The layout is a popular one for couples who like their own space away from each other occasionally — the front bedroom is separated from the rear living area by a central bathroom. All the main appliances that you would expect in a van these days are standard. There are no less than three TVs — two inside and one outside — and an impressive solar/power system to keep all the appliances running if you are free camping.
When I hear Tardis, my mind goes straight to Dr Who because the Tardis (which is an acronym of Time And Relative Dimensions In Space) was the time and space travelling machine from the science fiction in which they used to travel around.
What you might not know is that Tardis is used to describe surprisingly spacious accommodation, so the name that Titan has given to this 23ft luxury van makes perfect sense. In fact, it’s the longest of all the vans we judged at Caravan of the Year 2023.
The X-Factor for the Tardis is in its space and liveability. It is a couples van but with more than enough room for two people to live very comfortably. It has a large, rear club lounge, a very large kitchen with workable areas on both sides of the van and a centre ensuite with toilet and vanity on one side and a separate shower cubicle on the other side. Step out of the bathroom into the spacious rear bedroom and there’s plenty of space to towel off and get dressed for a day of exploring.
As well as space in spades, the Tardis has all the creature comforts you will ever need including a full oven, grill and cooktop, large compressor fridge, air-conditioning, heating, fans, washing machine, stereo system and three televisions — two inside and one outside.
And what I really like about the Tardis is that it’s big enough for couples to get away from each other — and let’s face it, we all need to do that occasionally. So, if one half wants to hit the hay early, they can shut themselves away in the bedroom up front, away from the noise of the TV at the club lounge down the back.
Malcolm Street - Caravan World Field Editor
Titan’s Blackhawk 720 Tardis joins several other vans in this year’s COTY as being in the large category. A tare mass of 3063kg and a payload of just over 900kg make it a big towing rig. Marginal for a vehicle with a maximum towing mass of 3500kg, it's much better suited to the Chevrolet Silverado LTZ that we used for towing. Fuel consumption for the 6.2L petrol engine is a consideration. Towing length is another, and the combined rig measures something like 15m (49ft), requiring the driver's full attention for an offroad caravan. On the road, the Tardis towed quite smoothly behind the Silverado and even for a big van, there was little snatching and jerking. Around tight corners, care had to be taken not to cut the corner, especially when facing oncoming traffic.
One of the benefits of the Tardis' length is that it enables a feature I quite favour, a rear club lounge with windows all around — a preference that originates from my early motorhoming days around New Zealand. That same van length also allows for a decent-sized split kitchen, which every travelling chef will appreciate, both the benchtop space and the generous storage.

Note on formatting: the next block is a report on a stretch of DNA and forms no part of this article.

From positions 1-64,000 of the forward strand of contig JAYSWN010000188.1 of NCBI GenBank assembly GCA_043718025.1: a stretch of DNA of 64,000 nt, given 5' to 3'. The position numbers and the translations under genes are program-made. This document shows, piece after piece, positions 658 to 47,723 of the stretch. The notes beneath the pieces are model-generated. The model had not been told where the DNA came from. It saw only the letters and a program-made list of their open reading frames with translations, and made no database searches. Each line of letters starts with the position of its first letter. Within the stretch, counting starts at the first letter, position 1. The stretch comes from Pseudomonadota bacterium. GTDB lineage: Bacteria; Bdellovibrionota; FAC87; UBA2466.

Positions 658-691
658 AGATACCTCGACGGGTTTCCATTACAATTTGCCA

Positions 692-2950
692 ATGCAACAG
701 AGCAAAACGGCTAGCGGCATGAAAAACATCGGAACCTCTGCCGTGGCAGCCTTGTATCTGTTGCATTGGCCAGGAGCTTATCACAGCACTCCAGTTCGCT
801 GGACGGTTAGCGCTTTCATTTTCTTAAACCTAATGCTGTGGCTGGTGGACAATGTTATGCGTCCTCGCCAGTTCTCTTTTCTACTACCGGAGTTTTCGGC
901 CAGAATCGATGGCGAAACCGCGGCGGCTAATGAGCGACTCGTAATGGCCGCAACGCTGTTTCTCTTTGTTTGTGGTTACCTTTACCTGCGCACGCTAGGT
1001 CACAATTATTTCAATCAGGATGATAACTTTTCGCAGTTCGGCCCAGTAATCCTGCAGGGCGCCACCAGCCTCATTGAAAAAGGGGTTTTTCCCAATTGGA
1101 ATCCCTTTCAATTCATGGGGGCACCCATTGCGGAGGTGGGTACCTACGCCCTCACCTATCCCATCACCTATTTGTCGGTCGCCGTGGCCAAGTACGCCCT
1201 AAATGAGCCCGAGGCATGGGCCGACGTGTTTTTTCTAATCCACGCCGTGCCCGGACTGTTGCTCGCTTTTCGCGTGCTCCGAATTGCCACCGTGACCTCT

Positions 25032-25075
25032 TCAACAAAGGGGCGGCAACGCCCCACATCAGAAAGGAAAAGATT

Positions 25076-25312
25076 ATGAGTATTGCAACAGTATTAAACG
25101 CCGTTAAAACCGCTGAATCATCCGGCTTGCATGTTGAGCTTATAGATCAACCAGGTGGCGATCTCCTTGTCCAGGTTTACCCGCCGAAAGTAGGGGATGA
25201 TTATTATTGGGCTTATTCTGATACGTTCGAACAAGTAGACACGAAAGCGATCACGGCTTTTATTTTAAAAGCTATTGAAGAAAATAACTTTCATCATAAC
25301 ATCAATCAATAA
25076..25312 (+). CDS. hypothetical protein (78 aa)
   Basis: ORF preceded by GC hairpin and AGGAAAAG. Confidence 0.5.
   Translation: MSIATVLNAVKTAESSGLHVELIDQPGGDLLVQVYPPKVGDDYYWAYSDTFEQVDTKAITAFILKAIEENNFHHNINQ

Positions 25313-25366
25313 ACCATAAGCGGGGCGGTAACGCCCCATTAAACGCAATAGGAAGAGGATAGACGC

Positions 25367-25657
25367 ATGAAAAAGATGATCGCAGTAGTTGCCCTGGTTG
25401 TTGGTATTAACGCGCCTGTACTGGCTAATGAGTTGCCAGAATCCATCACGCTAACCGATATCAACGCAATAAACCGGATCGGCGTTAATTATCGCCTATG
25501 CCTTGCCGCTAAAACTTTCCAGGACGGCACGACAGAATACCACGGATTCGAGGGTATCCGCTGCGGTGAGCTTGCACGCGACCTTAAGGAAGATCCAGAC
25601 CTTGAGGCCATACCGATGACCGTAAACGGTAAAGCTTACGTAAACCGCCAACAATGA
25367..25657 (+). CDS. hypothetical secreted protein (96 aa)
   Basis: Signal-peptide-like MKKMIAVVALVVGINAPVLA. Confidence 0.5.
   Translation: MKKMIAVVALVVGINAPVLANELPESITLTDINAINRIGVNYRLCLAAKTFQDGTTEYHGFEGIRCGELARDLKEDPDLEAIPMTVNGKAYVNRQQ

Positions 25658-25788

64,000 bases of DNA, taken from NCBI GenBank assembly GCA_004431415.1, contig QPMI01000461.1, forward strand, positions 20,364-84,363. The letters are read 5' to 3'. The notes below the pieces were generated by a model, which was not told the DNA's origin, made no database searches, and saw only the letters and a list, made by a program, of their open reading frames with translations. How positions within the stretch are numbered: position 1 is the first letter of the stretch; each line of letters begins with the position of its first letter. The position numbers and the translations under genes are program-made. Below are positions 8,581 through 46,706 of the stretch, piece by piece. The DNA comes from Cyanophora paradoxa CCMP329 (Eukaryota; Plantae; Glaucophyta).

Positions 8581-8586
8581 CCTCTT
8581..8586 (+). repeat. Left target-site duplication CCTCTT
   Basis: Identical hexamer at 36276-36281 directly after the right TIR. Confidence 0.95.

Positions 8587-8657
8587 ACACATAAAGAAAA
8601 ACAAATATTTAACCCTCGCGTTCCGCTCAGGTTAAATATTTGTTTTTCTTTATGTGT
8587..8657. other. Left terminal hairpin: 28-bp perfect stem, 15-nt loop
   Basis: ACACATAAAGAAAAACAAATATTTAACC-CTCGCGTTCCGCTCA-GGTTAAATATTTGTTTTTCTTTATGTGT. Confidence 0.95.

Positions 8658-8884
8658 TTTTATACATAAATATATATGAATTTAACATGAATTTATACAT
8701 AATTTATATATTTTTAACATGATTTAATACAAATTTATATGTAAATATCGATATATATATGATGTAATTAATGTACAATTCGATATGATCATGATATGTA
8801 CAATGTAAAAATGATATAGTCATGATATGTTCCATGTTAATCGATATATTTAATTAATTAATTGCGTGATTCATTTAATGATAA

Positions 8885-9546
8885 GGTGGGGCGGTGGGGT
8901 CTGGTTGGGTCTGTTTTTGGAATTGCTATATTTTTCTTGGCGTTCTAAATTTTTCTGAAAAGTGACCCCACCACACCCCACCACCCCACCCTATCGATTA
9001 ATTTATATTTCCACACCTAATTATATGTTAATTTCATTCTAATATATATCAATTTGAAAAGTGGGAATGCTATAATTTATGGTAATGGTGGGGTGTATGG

Something else that’s split is the bathroom with the shower cubicle on one side and the toilet/vanity on the other. That arrangement also effectively separates the bed/bathroom from the living space. A win-win all around. Up front, just like the rear area, the island bed is surrounded by windows too. Apart from the usual benefits, space perception is excellent in a slightly confined space.
The Tardis is well equipped for those who like to live outside. A slide-out kitchen is fitted into the front tunnel storage. It has an induction hob, stainless steel sink and two hinged extensions. In addition to that, the drawbar storage box has a slide-out fitted barbecue. Cooking any which way you like! With a fair chunk of the external storage taken by cooking facilities, part of the tunnel storage is still available at the front and there’s the rear area under the club lounge with bin doors on both sides. On the day of our judging, it was very overcast, which showed to good effect the extensive external lighting on the Tardis. There are seven fittings which are very bright indeed, but you won’t get any complaints from the neighbours because the van has external light dimmer controls and also dual light control — white or yellow light — which helps with not attracting insects. Apart from anything else, the Blackhawk 720 Tardis is quite a stylish-looking van and like its namesake, it is quite big on the inside but definitely not that small on the outside.
Titan Blackhawk 720 Tardis Specs
WEIGHTS AND MEASURES
|Overall length||9.4m (30ft 10in)|
|External body length||7.2m (23ft 7in)|
|External body width||2.3m (7ft 6in)|
|Travel height||3.1m (10ft 2in)|
|Internal height||2m (6ft 6in)|
|Structure||XPS closed cell structural foam and aluminium sub frame|
|Cladding||Gel coat fibreglass|
|Chassis||6in galvanised chassis|
|Suspension||AL-KO ENDURO X|
|Brakes||AL-KO 12in offroad|
|Wheels||16in alloy wheels|
|Water||3 x 95L freshwater tanks, 1 x 95L grey water tank|
|Battery||3 x Victron 200Ah, 1 x Victron 3000W MultiPlus II Invertor Charger (MultiTouch 70 Display)|
|Solar||4 x 200W Solar|
|Gas||2 x 9kg|
|Sway control||BMPRO Sway Control|
|Cooking||Thetford 353 Combo Gas 3-hob|
|Fridge||Dometic Compressor (Smart Fridge)|
|Washing machine||3.2kg Fresca|
|Hot water||Truma combi heater|
Titan Blackhawk 720 Tardis price from $129,990
- Stage 3 off-grid package
- GripSport bike rack
- SatKing Pro Satellite
- BushTucker custom induction slide-out kitchen
Titan Blackhawk 720 Tardis price as shown $149,990
P: (07) 3216 4555